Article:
Following the 2020 fires, we continue to aggressively salvage from our own private timberland, as well as take in salvage timber from the open market. Logs are coming in from the North Fork and Detroit, but it will take all year to salvage the Beachie Creek Fire-killed wood — and both this year and half of next year in the Detroit area of the Lionshead Fire.
So far we have logged more than 35 million board feet (mmbf) from Freres timberlands alone; that is 29.5 mmbf from the Beachie Creek Fire and 5.7 mmbf from the Lionshead Fire. This does not count burnt timber purchased from private companies. In addition to the fire salvaged timber, we have also salvaged 1.1 mmbf of ice damaged logs from the winter storm in February.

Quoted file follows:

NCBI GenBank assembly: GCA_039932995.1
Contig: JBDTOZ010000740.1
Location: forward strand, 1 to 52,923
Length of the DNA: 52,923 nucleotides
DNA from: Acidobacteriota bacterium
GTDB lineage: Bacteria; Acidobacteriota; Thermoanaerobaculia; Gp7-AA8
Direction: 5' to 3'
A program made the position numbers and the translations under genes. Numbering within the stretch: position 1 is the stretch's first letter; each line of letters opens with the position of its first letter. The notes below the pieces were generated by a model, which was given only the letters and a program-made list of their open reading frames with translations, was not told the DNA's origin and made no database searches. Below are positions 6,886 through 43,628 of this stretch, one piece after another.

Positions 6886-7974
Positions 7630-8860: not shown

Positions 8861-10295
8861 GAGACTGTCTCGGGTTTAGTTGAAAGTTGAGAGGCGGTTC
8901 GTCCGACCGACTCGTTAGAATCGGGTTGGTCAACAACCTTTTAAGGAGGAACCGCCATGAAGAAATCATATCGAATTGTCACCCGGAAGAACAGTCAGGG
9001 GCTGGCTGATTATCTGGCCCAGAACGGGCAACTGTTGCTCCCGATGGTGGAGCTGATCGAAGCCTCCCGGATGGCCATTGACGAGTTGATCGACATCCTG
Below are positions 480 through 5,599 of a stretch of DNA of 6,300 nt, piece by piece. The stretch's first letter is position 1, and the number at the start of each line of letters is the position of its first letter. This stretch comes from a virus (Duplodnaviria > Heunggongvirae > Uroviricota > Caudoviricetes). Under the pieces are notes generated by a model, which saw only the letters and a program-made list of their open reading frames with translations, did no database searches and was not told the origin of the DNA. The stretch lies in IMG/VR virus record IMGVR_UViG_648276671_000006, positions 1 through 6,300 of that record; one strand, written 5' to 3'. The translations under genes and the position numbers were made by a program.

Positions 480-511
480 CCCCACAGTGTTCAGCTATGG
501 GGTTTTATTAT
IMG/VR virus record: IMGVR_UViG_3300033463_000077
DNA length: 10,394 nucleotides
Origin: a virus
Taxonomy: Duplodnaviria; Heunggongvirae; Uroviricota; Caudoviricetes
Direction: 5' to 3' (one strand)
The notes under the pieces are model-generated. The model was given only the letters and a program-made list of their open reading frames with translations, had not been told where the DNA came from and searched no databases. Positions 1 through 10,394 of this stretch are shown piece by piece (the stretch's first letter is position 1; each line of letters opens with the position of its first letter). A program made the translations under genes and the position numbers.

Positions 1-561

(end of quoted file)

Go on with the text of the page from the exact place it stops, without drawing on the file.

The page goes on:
The dry spring and extreme heat waves have deteriorated almost all the chip and saw wood fiber killed in the fire, and salvage material will be difficult to recover for merchantable products going forward. Unlike most mills or public timberlands, we salvaged 90% of fire-damaged timber before the fiber deteriorated to the point that we became concerned about recovery.
Any whitewood and small cedar is unusable at this time due to severe “checking.” Bugs showing up in higher elevations aren’t affecting us yet, but bug damage has curtailed the selling of burnt logs as poles.
Our summer days in July are as-if it was mid-late August in the woods, as far as working with dry conditions, high heat and low humidity. These conditions hamper cutting, logging and trucking.
Meanwhile, log prices have taken a considerable jump in July even though finished products markets are falling. This is likely due to low log inventories and the fear of an extreme fire season.
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